April 25th, 2011, a day that will live on in my video game memory banks forever. After a normal Monday of work and my usual 45 minute drive home, I arrived to notice my wife hadn’t arrived yet. So I did what any good husband does and fed our two dogs, Rocky and Maddux (named after Cubs and Braves great Greg Maddux). Once the boys finished eating I had some time to myself so I decided to do what any man would do with some free time, play video games.
I sat myself in the living room, turned on my PS3 and popped on MLB 11: The Show. Playing as my virtual-self in Road To The Show is easily my favorite aspect of Sony’s MLB series. As a starting pitcher for the Los Angeles Angels of Anaheim’s Double A team, the Arkansas Travelers, I took my turn in the rotation against the cross state rival, the Northwest Arkansas Naturals.
With a 7-2 record going into the game, I had been cruising through the ranks of Double A faster than I had done in previous seasons and assumed this, my first year, would eventually lead to a call up to not only Triple A, but possibly all the way up to the majors. While by year’s end I was on the pro club, even that could not top what would happen on this fateful night.
After going deep into counts on the first few batters I quickly noticed that this game wouldn’t be the cake walk I was hoping for in route to the Double A All Star Game. While I had let up no hits through the first few innings, thanks to some nice defensive plays, I was still weary since my offense had not provided any runs. In the 5th inning a routine grounder was hit to Brandon Wood, which seemed like it would end the inning until he bobbled it for an error, leading to the first base-runner of the game. Luckily I struck out the next batter and escaped unharmed.
While still coasting through the game, around the 7th inning I noticed that I had a legitimate shot at getting the ever elusive no-hitter. I’ve been playing baseball video games since Bases Loaded on the NES, and have never thrown a no-no. There were two times when I came so close that it hurts, surprisingly, both times came in rapid succession. I kid you not, in MLB 2000, twice I got to the bottom of the 9th with two outs pitching with Randy Johnson against the Pittsburgh Pirates, only to let up a hit to pinch-hitting Al Martin both times. Tragedy.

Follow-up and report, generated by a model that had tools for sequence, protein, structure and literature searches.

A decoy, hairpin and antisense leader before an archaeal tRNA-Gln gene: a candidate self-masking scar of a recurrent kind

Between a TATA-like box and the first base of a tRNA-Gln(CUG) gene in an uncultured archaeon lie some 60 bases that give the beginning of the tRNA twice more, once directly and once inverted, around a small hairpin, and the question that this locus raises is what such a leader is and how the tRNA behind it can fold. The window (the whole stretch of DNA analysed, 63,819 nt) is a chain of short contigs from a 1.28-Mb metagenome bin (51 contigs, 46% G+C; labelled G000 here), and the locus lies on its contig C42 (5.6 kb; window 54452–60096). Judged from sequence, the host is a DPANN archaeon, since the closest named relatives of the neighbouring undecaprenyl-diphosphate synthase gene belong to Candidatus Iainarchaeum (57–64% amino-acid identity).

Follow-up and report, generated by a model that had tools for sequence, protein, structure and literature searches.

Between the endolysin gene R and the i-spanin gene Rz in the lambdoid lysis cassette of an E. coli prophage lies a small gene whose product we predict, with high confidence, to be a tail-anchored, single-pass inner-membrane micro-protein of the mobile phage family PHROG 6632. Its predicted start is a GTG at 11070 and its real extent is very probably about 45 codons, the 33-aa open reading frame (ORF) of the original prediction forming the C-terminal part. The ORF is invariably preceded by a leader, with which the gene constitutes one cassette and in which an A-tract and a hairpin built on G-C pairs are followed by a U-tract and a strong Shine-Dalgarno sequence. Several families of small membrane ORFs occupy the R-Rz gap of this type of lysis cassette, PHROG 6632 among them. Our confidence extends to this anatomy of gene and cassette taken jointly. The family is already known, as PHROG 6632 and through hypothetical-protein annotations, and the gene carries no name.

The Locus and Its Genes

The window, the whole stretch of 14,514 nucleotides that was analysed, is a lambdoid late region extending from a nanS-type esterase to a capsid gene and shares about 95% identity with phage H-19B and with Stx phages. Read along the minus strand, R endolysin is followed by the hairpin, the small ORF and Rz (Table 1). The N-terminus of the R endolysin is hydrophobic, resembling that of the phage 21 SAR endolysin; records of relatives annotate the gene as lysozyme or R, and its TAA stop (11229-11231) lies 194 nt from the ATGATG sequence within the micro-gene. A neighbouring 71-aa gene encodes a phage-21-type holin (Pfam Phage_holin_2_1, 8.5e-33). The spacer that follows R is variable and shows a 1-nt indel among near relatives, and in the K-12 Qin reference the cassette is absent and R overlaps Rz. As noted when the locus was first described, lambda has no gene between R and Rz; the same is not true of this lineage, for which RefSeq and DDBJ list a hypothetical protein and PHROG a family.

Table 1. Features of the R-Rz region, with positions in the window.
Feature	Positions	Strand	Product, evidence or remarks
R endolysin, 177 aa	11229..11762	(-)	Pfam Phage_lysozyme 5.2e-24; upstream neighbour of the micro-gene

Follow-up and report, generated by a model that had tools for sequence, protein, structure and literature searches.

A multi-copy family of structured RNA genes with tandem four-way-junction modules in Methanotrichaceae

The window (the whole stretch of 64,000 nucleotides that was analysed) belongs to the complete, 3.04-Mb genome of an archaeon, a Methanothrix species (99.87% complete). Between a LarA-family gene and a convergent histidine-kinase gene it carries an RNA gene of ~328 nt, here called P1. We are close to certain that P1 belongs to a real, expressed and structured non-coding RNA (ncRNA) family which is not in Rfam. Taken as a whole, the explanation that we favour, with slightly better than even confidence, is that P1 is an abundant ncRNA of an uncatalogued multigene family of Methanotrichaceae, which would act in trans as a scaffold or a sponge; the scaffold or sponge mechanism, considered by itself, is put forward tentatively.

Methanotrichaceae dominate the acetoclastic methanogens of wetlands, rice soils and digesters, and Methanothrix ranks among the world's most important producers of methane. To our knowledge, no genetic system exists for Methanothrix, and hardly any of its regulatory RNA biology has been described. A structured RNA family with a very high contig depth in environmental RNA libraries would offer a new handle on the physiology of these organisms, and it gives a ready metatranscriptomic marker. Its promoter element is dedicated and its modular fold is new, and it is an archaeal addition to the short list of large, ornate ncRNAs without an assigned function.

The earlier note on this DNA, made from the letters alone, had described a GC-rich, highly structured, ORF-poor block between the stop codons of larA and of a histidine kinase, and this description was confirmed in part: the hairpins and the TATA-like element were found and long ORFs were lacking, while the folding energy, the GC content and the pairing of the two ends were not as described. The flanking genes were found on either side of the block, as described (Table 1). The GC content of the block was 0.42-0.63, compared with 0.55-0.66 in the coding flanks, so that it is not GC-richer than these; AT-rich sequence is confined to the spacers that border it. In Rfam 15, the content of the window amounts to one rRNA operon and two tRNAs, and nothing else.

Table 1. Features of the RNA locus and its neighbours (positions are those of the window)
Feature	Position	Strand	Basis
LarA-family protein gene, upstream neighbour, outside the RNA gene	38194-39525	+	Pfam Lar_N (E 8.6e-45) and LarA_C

I would not allow that to happen again. This time I was using “cyber-me” and I won’t let myself down. However one thing became abundantly clear, while I was pitching great, my teams offense was anemic, and time was running out. With zeros on the board in the 8th, I needed the offense to come through to set me up for a victory. They failed.
So on to the 9th, with little stamina I managed to escape quickly with a 7 pitch inning. While quick, it was also terrifying. Two deep fly balls nearly reached the warning track, which terrified me. With my team coming up I was praying for a miracle. However, I did not get one.
Assuming the next screen would take my to the end of the game I was stunned to see myself left in for the top of the 10th inning. Still scared from the hard hits of the 9th inning I bared down, knowing today would be my day. I put the Naturals away in the 10th with 2 strikeouts and a weak ground ball to second.
Knowing that only a few pitchers have ever pitched 11 innings in a game, and even less to win those games (see Harvey Haddix), I knew that my team had to come through for me in the bottom of the 10th. Did they? No, yet again they went down I was sent out to the mound with nearly no stamina left, and like a champion, I made quick work of the Naturals’ batters. After 11 no-hit, no-walk innings, I still needed a miracle.
Finally, in the bottom of the 11th, the Arkansas Travelers’ bats came to life. After getting a man on-base, former Dirtbag, Paul McAnulty came to plate. A career .296 hitter in the minors who hasn’t been able to stay up in the majors, knew tonight was special. Having hit over 125 home runs in the minors, there was no supise when he drove a ball deep into the right field stands and sending out team into victory.
As the game advanced to the end and I saw the final box score I jumped out of my chair. This is my proudest moment in sports gaming history. There are other moments that come close, but nothing can compare to an acomplishment made with your own personal created player. A 96-yard TD run with Jamal Lewis is great, but that is still based on Jamal Lewis, the real player that has played for years, and not your digital self, that you brought up and groomed.
These are the moments that make video games special.